Global Policy Forum

Judge Blocks Citigroup Settlement with S.E.C.

On Monday November 18, New York federal judge Rakoff threw out a settlement of a mortgage derivatives case between the US Securities and Exchange Commission (SEC) and banking giant Citigroup because it “did not satisfy the law.” According to Rakoff, the SEC’s longstanding practice of offering defendants a deal that allows them to settle without admitting to any wrongdoing, forces the courts to rule without the necessary facts despite an “overriding public interest in knowing the truth.” The judge also halted the SEC’s familiar claim that settlements are prudent, noting that “recidivist” Citigroup had settled five times before. Citi would now merely have to pay $285 million, despite misleading investors in the amount of $700 million and receiving two multi-billion dollar public bailouts to remain afloat. By dismissing the settlement, the judge forcefully breaks with the tradition of perfunctorily “rubber stamping” deals made between the SEC and Wall Street.

By Edward Wyatt

November 28, 2011

A federal judge in New York on Monday threw out a settlement between the Securities and Exchange Commission and Citigroup over a 2007 mortgage derivatives deal, saying that the S.E.C.’s policy of settling cases by allowing a company to neither admit nor deny the agency’s allegations did not satisfy the law.

The judge, Jed S. Rakoff of United States District Court in Manhattan, ruled that the S.E.C.’s $285 million settlement, announced last month, is “neither fair, nor reasonable, nor adequate, nor in the public interest” because it does not provide the court with evidence on which to judge the settlement.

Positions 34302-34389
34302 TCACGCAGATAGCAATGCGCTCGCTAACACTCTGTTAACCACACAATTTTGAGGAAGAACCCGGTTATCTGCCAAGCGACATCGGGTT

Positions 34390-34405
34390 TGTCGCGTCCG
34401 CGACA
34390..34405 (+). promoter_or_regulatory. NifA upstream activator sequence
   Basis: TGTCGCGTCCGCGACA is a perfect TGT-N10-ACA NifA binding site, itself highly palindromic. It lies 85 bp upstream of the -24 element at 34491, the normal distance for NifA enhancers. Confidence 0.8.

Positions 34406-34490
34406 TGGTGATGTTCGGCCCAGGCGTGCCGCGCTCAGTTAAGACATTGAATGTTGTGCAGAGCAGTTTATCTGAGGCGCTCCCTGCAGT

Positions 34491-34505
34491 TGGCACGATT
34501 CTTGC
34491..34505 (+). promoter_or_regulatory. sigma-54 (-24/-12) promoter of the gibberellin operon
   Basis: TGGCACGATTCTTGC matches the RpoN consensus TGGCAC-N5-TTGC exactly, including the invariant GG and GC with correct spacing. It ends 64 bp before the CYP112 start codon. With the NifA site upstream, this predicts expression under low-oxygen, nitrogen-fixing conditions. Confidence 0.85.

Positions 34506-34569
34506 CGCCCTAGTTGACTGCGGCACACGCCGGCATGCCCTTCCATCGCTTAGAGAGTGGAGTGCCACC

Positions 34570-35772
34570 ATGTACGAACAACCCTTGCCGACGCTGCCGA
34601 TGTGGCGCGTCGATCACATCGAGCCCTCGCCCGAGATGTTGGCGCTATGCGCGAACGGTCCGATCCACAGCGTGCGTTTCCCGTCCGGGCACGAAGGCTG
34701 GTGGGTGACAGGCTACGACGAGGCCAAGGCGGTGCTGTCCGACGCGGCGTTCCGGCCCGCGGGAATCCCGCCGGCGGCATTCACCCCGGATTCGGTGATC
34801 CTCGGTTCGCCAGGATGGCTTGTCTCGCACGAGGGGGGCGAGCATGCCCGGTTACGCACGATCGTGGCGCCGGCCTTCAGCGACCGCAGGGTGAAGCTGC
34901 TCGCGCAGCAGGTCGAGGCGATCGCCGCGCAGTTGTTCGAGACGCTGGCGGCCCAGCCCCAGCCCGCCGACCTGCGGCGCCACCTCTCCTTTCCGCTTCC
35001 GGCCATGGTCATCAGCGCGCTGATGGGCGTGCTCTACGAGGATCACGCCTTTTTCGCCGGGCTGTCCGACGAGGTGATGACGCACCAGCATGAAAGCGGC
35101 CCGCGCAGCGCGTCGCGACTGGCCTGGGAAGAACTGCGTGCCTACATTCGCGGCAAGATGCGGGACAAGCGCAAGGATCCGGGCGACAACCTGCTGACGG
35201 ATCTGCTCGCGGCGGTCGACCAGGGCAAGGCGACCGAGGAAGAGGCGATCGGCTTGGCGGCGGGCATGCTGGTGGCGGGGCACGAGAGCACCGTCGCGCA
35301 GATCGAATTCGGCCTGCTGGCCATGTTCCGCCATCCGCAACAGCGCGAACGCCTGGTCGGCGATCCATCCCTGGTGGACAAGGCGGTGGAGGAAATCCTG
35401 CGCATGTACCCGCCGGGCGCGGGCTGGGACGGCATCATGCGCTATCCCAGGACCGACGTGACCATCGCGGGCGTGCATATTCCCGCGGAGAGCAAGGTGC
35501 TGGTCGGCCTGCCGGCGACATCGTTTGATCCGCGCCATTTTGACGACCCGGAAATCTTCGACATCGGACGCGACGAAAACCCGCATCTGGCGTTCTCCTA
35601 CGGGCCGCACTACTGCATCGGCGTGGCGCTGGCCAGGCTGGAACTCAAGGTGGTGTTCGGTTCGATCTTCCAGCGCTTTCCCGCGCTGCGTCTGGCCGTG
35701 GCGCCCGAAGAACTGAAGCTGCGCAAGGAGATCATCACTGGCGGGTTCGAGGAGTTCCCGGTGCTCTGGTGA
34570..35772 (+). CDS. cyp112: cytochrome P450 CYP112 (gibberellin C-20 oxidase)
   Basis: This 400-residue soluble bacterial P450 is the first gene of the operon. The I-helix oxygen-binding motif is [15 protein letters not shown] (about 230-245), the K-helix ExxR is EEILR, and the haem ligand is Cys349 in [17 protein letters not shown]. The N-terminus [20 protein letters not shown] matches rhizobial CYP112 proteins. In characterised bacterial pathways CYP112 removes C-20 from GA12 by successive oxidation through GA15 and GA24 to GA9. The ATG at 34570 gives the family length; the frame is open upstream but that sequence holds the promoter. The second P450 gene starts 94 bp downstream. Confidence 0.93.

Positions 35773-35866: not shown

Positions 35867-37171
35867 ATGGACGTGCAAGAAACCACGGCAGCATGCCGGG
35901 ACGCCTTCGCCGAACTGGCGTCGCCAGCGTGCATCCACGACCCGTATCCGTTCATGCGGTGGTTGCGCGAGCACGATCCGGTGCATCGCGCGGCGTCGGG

The ruling could throw the S.E.C.’s enforcement efforts into chaos, because a majority of the fraud cases and other actions that the agency brings against Wall Street firms are settled out of court, most often with a condition that the defendant does not admit that it violated the law while also promising not to deny it.

That condition gives a company or individual an advantage in subsequent civil litigation for damages, because cases in which no facts are established cannot be used in evidence in other cases, like shareholder lawsuits seeking recovery of losses or damages.

The S.E.C.’s policy — “hallowed by history, but not by reason,” Judge Rakoff wrote — creates substantial potential for abuse, the judge said, because “it asks the court to employ its power and assert its authority when it does not know the facts.”

Judge Rakoff also refers at one point to Citigroup as “a recidivist,” or repeat offender, which has violated the antifraud provisions of the nation’s securities laws many times. The company knew that the S.E.C.’s proposed judgment – that it cease and desist from violating the antifraud laws – had not been enforced in at least 10 years, the judge wrote. 

The S.E.C. did not respond immediately to a request for comment on the judge’s decision, which was released Monday morning. A Citigroup spokesman said the company was studying the decision and had no immediate comment.

Citigroup was charged with negligence in its selling to customers a billion-dollar mortgage securities fund, known as Class V Funding III. The S.E.C. alleged that Citigroup picked the securities to be included in the fund without telling investors, claiming that the securities were being chosen by an independent entity. Citigroup then bet against the investments because it believed that they would lose value, the S.E.C. said.

Investors lost $700 million in the fund, according to the S.E.C., while Citigroup gained about $160 million in profits.

The settlement established none of those allegations as fact, thereby making it impossible for the court to properly judge whether the settlement meets the required standard of being fair, adequate and in the public interest.

“An application of judicial power that does not rest on facts is worse than mindless, it is inherently dangerous,” Judge Rakoff wrote in the case, S.E.C. v. Citigroup Global Markets. “In any case like this that touches on the transparency of financial markets whose gyrations have so depressed our economy and debilitated our lives, there is an overriding public interest in knowing the truth.”

The S.E.C. in particular, he added, “has a duty, inherent in its statutory mission, to see that the truth emerges.”

Click here to see the ruling.


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